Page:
Ward and Devereux’s 2010 study “The Road not taken: Pre-Revolutionary Cuban Living Standards in Comparative Perspective” (PDF format) makes more detailed claims: “On the eve of the revolution, incomes were 50 to 60 percent of European levels. They were among the highest in Latin America at about 30 percent of the United States. In relative terms, Cuba was richer earlier on. Income per capita during the 1920s was in striking distance of Western Europe and the Southern United States. After the revolution, Cuba slipped down the world income distribution. Current levels of income per capita appear below their pre-revolutionary peaks.” Notwithstanding criticism of these figures–Ward and Devereux do seem to account for price levels, contrary to Louis Proyect’s claims–they seem valid. Cuba on the eve of the revolution was a high-income Latin American society, fully bearing comparison with the Southern Cone and Venezuela, even much of Europe.

What does this mean about the success of Cuba under socialism? Probably the most noteworthy element of Cuba’s post-revolutionary history is that of economic stagnation and relative decline. Cuba has fallen behind spectacularly, not just behind its western European peers but behind Latin America as well. Latin America’s high-income countries have had a chequered growth history, but even these, Cuba’s peers, have done better: Wages and living standards in Argentina, Uruguay, and Chile are substantially higher. Even in the context of the Caribbean, Cuba’s geographic peers, Cuba’s performance has been patchy, with the Dominican Republic making lasting gains.

What happened? One counterfactual analysis suggests that Cuba’s economy began underperforming badly in 1959, the moment of the revolution. Ward and Devereux suggest, ironically enough, that it is only by the late 1950s that the Cuban economy had completed its long, slow recovery from the devastating impact of US sugar tariffs imposed in the early 1930s. (Cuba, they suggest, may have seen little net economic growth since the 1920s!) Of all the economies in the world to be transformed into autarkic socialist states, Cuba’s highly-export dependent economy may have been among the least suited.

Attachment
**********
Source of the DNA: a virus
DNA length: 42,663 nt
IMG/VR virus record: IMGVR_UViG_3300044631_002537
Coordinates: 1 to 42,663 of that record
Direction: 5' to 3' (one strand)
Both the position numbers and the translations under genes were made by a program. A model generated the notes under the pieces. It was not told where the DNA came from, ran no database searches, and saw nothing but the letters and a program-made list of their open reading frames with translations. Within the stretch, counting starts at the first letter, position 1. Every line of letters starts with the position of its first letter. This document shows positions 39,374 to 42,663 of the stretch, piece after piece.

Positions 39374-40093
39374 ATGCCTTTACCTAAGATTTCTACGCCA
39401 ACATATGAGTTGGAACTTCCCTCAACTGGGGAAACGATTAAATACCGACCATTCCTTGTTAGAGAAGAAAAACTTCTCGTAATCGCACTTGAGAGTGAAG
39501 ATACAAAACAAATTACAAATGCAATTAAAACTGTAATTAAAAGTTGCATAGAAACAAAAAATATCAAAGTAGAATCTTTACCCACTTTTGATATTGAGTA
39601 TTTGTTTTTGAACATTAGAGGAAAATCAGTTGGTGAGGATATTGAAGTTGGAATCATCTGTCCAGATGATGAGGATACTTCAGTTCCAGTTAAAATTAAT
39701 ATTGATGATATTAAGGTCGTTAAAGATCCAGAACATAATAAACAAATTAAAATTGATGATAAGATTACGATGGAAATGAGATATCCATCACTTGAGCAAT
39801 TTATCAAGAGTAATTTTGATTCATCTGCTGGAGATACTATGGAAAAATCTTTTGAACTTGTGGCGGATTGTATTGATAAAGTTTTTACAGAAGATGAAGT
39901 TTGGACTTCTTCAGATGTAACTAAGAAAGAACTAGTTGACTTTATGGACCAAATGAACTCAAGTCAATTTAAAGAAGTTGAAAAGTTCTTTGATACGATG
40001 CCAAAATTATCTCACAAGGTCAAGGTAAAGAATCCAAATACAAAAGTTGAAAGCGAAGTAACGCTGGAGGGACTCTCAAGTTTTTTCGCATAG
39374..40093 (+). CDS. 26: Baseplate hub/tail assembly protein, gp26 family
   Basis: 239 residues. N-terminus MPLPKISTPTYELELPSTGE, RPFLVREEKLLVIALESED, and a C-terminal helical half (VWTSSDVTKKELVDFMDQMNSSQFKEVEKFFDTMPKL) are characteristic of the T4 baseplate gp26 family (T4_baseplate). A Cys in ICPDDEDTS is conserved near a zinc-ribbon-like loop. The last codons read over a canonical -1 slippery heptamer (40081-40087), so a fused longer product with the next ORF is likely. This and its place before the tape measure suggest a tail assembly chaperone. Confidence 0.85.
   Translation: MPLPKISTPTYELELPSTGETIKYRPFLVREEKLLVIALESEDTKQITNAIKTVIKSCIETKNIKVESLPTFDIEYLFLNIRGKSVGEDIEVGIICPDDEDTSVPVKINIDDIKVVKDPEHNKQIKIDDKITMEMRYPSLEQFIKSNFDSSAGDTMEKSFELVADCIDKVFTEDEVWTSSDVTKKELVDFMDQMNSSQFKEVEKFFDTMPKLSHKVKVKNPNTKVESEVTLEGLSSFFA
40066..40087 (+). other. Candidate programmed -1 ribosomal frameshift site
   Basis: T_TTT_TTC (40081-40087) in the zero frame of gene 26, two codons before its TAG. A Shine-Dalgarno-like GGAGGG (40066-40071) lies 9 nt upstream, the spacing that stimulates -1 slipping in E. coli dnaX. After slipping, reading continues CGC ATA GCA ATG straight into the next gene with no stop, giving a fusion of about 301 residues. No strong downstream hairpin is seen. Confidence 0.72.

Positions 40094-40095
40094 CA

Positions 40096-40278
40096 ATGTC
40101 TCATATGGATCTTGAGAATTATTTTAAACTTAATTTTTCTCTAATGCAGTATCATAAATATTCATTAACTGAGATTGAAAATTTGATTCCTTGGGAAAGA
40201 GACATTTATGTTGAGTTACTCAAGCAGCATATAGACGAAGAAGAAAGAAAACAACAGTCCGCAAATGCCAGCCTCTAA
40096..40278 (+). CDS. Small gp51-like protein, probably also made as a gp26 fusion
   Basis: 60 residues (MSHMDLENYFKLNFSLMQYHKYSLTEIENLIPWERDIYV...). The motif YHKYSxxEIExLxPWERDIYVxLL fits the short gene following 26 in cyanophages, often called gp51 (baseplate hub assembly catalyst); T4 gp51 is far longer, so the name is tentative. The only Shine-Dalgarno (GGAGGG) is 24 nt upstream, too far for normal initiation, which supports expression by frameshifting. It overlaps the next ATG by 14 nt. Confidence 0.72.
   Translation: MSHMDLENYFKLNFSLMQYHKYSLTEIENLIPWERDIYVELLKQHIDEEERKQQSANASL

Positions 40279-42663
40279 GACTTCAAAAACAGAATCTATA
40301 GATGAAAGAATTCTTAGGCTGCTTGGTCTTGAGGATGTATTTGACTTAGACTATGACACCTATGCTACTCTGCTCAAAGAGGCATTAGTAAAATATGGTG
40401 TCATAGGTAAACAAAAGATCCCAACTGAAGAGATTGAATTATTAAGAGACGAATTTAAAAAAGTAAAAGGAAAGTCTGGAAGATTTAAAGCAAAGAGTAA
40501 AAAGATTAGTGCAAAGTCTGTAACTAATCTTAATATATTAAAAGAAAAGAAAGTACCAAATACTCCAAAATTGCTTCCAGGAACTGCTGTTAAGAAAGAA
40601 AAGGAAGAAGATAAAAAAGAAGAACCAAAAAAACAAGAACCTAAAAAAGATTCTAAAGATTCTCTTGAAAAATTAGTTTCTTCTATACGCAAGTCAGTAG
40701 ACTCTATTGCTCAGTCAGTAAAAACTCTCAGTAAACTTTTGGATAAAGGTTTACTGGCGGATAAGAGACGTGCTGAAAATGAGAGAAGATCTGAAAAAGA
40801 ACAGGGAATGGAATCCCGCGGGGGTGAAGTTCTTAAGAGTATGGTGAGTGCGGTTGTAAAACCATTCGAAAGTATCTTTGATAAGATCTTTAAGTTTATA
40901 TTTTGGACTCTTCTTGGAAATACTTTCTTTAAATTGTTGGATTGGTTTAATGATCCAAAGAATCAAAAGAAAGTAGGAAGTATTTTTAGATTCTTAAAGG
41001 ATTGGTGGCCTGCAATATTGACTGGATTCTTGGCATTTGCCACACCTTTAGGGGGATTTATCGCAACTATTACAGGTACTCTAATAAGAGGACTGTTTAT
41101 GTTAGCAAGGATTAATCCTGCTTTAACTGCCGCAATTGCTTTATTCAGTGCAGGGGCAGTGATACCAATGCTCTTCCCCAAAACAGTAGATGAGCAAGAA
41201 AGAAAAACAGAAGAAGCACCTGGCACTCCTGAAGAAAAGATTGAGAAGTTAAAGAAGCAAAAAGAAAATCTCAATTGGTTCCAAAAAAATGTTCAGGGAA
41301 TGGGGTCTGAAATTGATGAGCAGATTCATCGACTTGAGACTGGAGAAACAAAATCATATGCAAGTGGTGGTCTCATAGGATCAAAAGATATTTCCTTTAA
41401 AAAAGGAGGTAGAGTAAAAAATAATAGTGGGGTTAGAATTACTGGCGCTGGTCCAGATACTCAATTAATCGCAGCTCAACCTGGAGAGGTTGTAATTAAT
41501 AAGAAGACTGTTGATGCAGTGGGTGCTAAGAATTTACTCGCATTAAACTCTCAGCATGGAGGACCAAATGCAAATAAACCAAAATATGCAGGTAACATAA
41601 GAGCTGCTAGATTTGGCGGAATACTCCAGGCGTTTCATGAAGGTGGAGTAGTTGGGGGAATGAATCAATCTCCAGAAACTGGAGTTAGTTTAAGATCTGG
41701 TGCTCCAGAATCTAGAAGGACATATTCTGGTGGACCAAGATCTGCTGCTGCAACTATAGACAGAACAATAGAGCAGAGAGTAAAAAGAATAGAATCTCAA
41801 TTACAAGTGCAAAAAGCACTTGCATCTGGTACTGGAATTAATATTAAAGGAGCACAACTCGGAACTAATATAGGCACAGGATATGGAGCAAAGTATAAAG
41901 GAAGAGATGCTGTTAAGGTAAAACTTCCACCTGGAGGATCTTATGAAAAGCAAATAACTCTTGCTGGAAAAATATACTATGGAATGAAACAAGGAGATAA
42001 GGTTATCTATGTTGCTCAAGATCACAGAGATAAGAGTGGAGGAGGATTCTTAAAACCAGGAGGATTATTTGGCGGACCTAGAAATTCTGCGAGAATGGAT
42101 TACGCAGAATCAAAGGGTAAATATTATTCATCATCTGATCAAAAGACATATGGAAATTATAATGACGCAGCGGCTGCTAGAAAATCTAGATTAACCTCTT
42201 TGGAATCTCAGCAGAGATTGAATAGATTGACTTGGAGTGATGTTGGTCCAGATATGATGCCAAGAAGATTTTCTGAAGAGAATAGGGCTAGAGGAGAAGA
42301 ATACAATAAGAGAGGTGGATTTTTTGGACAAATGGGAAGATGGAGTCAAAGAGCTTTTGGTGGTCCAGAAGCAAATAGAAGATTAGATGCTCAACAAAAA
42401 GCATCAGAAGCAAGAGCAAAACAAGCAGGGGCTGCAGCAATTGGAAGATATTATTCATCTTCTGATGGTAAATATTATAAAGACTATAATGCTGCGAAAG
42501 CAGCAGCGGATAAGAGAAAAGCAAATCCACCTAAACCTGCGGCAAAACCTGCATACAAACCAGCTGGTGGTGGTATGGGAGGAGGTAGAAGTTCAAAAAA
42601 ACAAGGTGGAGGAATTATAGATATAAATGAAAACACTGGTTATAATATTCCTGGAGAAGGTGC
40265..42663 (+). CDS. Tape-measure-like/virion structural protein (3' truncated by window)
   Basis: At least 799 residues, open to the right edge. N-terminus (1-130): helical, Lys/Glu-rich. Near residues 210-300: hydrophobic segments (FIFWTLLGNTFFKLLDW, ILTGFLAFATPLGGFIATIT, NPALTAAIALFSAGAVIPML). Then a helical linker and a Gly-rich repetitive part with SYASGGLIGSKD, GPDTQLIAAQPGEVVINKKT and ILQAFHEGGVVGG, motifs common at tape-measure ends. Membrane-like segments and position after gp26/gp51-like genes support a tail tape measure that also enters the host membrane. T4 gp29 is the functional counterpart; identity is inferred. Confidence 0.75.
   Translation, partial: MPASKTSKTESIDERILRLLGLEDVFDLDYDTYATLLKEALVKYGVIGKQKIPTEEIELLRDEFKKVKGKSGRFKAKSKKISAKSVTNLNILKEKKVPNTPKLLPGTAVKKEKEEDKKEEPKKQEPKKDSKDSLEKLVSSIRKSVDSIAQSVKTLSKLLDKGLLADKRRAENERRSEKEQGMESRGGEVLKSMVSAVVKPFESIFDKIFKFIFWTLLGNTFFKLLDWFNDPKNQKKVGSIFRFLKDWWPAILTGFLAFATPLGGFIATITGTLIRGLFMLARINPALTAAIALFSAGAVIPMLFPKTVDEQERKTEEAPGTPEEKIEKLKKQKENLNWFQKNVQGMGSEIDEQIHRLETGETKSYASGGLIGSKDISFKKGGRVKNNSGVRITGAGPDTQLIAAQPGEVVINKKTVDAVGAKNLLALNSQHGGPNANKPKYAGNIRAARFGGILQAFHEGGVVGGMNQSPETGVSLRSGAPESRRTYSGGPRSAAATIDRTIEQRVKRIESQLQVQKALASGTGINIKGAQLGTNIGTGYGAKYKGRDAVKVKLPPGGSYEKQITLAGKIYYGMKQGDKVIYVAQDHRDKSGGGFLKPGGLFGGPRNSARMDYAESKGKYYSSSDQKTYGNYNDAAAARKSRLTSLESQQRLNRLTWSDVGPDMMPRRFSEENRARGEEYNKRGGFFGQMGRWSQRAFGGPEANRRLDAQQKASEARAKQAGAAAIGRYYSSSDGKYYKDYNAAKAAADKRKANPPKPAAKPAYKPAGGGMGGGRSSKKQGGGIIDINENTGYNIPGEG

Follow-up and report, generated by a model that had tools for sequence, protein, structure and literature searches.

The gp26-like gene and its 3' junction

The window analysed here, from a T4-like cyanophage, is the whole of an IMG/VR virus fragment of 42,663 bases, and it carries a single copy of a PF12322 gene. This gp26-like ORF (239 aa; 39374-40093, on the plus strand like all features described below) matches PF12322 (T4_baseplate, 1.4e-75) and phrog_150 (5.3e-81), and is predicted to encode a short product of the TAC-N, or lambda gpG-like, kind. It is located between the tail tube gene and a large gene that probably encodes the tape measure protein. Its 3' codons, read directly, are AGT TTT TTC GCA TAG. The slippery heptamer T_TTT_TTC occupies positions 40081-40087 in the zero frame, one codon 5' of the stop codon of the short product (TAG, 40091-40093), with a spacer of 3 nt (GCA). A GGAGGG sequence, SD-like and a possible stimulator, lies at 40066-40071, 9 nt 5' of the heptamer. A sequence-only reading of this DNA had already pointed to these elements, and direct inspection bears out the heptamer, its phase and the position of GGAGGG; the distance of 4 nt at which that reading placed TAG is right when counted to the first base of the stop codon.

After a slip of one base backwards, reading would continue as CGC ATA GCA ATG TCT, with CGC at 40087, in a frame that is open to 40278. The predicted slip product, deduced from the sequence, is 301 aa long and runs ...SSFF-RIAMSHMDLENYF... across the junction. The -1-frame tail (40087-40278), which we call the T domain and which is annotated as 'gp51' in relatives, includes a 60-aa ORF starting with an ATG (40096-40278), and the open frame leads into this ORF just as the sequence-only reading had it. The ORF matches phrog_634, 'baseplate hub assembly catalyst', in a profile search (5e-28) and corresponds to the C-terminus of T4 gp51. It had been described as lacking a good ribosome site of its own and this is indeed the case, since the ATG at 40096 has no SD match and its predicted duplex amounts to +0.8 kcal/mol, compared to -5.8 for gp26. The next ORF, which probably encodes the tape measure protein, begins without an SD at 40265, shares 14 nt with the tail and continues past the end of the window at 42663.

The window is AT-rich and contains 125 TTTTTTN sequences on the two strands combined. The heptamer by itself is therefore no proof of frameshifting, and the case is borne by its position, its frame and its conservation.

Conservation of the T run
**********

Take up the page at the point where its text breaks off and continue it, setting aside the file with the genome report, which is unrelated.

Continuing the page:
There may well have been gains to general Cuban living standards from the redistribution of wealth and resources. These gains were limited: The positive effects of the revolution, including increased investment in human development, may have been swamped by the negative effects including the collapse of Cuba’s previous trade networks and the costs of converting an economy to Communism. Cuba may simply have coasted on its pre-revolutionary achievements, expanding access to pre-existing institutions.

In the end, Cuba has been left as vulnerable as any other post-Communist countries by the failure of its political model, perhaps even more exposed and vulnerable than before the introduction of Communism. Castro and his communism did not improve Cuba’s position relative to the outside world. In this, Cuba bears comparison not so much with the countries of the Third World as it does with the countries of central Europe, similarly semiperipheral countries with similar problems of inequality which did not see much benefit in the long run from Communism.

Written by Randy McDonald

November 28, 2016 at 10:30 pm

[BLOG] Some Tuesday links

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  • blgoTO notes how the Guild Inn was once a popular resort.
  • Centauri Dreams notes the import of real scientists in Arrival.
  • Crooked Timber notes that anti-Trump Republicans did not seem to matter in the election.
  • The Dragon’s Gaze looks at cutting-edge options for studying exoplanets.
  • False Steps notes a proposed American spacecraft that would have landed on water.
  • Far Outliers notes the pointless internment of foreign domestics in Second World War Britain.
  • Lawyers, Guns and Money looks at the potential impact of a Michael Bloomberg presidential run.
  • Marginal Revolution looks at the development of apps which aim to find out the preferred songs of birds.
  • Steve Munro and Transit Toronto look at ongoing controversy over the 514 Cherry streetcar line’s noise, including upcoming public meetings.
  • The Power and the Money’s Noel Maurer suggests the election of Trump could lead to the election of a similar populist to the presidency of Mexico.
  • The Volokh Conspiracy deals with the odd and seemingly meaningless distinction made by Americans between “republic” and “democracy”
  • Window on Eurasia wonders if Trump’s negotiating style might lead to worse Russian-American relations and looks at his business history in Russia.